The Journal of Herpetological Medicine and Surgery (JHMS) is designed to be a source of information for veterinarians and others involved in the health of reptiles and amphibians. JHMS is interested in all aspects of care for these species, including natural history and maintenance in captivity as well as particular medical and surgical problems.

All authors are welcome to submit manuscripts for consideration. Student authors (including undergraduate, veterinary, graduate, residents, interns, etc.) enrolled in a full-time education program will be granted a complimentary 1-year online student membership to the Association of Reptile and Amphibian Veterinarians once they have completed the submission process. Please contact ARAV at [email protected] for further information.


Manuscripts are expected to be original works that have not been previously published. Publication as an abstract of 300 words or less or as an academic thesis are not considered previous publication. Use of the work of others or direct quotes must be cited appropriately. All manuscripts are submitted with the understanding that all authors have seen and approved the article as submitted. All authors must have contributed meaningfully to the work including the writing of the manuscript and all those who have contributed substantially to the work should be included as authors. Acknowledgments should be limited to persons who have contributed materially to the content. Sources of funding or support must be acknowledged. Any potential conflict of interest or financial disclosures should also be included.

Any manuscript involving animal research must include a statement regarding animal use approval from appropriate entities including approving body (e.g., an Institutional Animal Care and Use Committee (IACUC)) and protocol numbers. If a protocol number is not available, an explanation should be forwarded with the manuscript. JHMS reserves the right to decline manuscripts for any animal safety and welfare concerns.

Peer Review

All manuscripts are subject to peer review by at least two qualified reviewers. Peer reviewers are generally anonymous (single-blind peer-review). Authors are expected to respond to reviewers’ comments and make revisions within 30 days. Revised manuscripts may be sent out for review again. Manuscripts that pass peer review are accepted for publication once the author has addressed all questions and concerns raised by reviewers and editorial staff. Accepted manuscripts are posted online on the JHMS website ( shortly after acceptance and printed in the next available issue. JHMS reserves the right to reject any manuscript.

Manuscript Prepation

Article Types

Authors may submit manuscripts for publication in the following sections:

  • 1.

    In My Experience: Brief clinical experiences regarding adverse or unusual drug reactions, empirical drug dosages, therapeutic modalities, diagnostic aids, disease trends, species idiosyncrasies, and herpetological medicine, care, and husbandry in general. Generally, these articles do not have separate introductions and may or may not have a separate discussion section. The body of the text is typically 1500–2000 words (excluding abstract and literature cited).

  • 2.

    Brief Communication: Brief Communications provide substantive information on research observations or clinical cases (case reports). Reports of single cases should include novel information or insights, for example, description of a novel diagnostic or therapeutic approach, a disease process not previously described in a given species, a previously undescribed etiology, or a disease not well described in the literature. Brief Communications are generally less than 3000 words in length (excluding abstract and literature cited).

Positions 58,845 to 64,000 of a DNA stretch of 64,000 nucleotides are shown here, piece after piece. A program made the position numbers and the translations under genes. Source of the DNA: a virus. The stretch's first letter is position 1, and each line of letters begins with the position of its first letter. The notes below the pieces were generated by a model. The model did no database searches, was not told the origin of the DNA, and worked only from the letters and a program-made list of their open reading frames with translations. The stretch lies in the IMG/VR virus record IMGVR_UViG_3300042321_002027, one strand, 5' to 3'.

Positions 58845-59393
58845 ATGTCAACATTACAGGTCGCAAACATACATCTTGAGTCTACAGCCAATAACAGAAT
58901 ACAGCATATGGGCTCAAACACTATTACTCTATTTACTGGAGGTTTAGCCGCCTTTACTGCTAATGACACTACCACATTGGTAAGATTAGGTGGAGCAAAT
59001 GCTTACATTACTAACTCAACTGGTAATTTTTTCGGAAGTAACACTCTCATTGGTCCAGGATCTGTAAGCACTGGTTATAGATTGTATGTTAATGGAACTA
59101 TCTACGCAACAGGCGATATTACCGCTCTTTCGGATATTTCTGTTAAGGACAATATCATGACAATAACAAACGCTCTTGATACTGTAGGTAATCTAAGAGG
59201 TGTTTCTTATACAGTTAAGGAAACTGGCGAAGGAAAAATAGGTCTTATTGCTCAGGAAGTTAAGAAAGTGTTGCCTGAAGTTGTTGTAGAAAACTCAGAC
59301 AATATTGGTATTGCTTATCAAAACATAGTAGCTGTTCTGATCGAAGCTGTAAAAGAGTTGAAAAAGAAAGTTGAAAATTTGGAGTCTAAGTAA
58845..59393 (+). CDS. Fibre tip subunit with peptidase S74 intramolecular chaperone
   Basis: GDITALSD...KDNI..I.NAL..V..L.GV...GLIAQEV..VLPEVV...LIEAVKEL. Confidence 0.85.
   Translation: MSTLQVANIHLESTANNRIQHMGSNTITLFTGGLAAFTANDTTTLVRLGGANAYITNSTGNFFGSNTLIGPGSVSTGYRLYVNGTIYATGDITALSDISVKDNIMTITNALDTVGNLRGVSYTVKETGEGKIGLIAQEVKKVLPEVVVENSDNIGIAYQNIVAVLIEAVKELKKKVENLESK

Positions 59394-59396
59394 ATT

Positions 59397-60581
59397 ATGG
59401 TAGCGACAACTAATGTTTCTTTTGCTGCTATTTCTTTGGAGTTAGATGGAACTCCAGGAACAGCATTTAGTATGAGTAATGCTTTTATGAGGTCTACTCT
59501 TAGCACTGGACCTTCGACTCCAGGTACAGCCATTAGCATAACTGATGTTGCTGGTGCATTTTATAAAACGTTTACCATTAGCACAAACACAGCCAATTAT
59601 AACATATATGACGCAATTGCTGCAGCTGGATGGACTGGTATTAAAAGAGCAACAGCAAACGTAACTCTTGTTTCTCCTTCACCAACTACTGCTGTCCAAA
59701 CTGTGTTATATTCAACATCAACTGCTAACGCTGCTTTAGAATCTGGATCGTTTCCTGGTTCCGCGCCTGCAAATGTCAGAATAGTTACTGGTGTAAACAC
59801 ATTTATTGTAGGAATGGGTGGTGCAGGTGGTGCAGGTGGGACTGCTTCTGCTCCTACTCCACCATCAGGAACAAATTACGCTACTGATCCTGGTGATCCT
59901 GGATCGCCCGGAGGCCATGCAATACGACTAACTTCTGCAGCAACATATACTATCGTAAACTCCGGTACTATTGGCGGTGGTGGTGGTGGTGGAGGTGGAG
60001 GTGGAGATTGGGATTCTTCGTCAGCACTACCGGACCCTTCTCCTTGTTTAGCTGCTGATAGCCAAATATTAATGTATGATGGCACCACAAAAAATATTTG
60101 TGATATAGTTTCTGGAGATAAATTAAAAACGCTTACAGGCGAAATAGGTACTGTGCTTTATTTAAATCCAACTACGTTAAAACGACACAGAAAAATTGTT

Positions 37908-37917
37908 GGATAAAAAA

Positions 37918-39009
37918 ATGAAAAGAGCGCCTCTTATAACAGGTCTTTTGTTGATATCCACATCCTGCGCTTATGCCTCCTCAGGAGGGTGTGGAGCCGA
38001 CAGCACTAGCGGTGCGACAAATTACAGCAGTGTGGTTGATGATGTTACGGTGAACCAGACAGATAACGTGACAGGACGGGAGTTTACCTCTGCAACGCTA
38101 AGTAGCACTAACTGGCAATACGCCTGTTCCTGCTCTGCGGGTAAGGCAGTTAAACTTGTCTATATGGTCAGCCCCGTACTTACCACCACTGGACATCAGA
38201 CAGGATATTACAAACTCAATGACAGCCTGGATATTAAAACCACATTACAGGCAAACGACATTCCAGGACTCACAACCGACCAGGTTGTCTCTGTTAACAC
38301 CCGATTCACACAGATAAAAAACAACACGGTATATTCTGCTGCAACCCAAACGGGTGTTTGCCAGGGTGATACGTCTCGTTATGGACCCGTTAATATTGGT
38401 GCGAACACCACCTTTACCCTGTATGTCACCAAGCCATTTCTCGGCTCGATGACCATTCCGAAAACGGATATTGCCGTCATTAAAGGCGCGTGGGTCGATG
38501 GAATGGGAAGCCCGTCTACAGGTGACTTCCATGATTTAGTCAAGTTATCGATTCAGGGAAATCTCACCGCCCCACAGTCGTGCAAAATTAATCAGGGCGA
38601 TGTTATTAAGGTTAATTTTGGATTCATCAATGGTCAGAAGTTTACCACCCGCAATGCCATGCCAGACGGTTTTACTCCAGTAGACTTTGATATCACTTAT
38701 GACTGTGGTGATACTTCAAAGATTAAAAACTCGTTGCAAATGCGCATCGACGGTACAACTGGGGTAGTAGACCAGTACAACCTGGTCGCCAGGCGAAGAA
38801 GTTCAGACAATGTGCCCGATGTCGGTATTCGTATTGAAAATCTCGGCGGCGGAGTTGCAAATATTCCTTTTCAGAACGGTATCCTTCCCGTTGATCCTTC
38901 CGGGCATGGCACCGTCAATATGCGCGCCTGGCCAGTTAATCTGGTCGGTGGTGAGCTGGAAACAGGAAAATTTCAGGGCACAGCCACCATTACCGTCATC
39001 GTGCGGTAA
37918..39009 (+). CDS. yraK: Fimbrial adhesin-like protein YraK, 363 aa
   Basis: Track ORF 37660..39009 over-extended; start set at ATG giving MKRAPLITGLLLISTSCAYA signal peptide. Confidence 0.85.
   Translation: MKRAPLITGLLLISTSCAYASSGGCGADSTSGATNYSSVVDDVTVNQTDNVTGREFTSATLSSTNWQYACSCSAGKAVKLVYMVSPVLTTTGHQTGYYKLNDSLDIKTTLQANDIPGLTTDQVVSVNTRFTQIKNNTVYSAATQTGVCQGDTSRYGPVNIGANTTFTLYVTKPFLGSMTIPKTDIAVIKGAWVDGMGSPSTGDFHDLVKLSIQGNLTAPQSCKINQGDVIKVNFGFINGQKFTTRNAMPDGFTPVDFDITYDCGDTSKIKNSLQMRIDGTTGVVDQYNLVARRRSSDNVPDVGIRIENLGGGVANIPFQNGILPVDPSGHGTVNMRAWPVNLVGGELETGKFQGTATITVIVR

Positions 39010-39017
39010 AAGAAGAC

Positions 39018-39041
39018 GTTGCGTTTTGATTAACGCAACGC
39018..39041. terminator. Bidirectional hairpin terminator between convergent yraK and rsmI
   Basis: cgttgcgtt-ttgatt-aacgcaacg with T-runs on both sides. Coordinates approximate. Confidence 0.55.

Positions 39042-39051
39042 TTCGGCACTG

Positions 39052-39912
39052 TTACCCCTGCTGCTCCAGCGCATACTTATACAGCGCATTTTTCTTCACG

• 3.

    Case Series: Reports of clinical cases with a detailed introduction, signalment, history, captive care, laboratory and pathologic data, diagnosis, therapy, and results. Cases should be unusual or novel; however, they do not have to have a successful outcome. They should be informative to veterinary practitioners. The discussion should emphasize the important clinical, pathologic, and therapeutic features, as well as identify what is new and not previously appreciated. A complete and up-to-date review of literature should be included.

  • 4.

    Original Research: These papers can present clinical data and research concerning specific diseases or species including prospective or retrospective hypothesis-based research projects. Articles in this category may also include e.g., establishment of reference intervals, guidelines, image analysis, and other topics of interest to the JHMS readership.

  • 5.

    Review/Roundtable Articles: In-depth articles focusing on a specific disease or topic, review of literature relating to a specific topic, and expert opinions and discussions on specific topics.

Manuscript Formatting

Manuscript files should be submitted in Microsoft Word format with page numbers and line numbers included. English language editing is available through Charlesworth Author Services at a discounted price for JHMS authors through

  • 1)

    One author must be designated as a corresponding author and an email contact will be included in the final published manuscript.

  • 2)

    An abstract is required for all manuscripts. The abstract should be no longer than 300 words and summarize your key points.

  • 3)

    A list of four to six key words should follow the abstract for all article types. Individual key words can consist of more than one word and should include genus and species. Key words can include words in the title.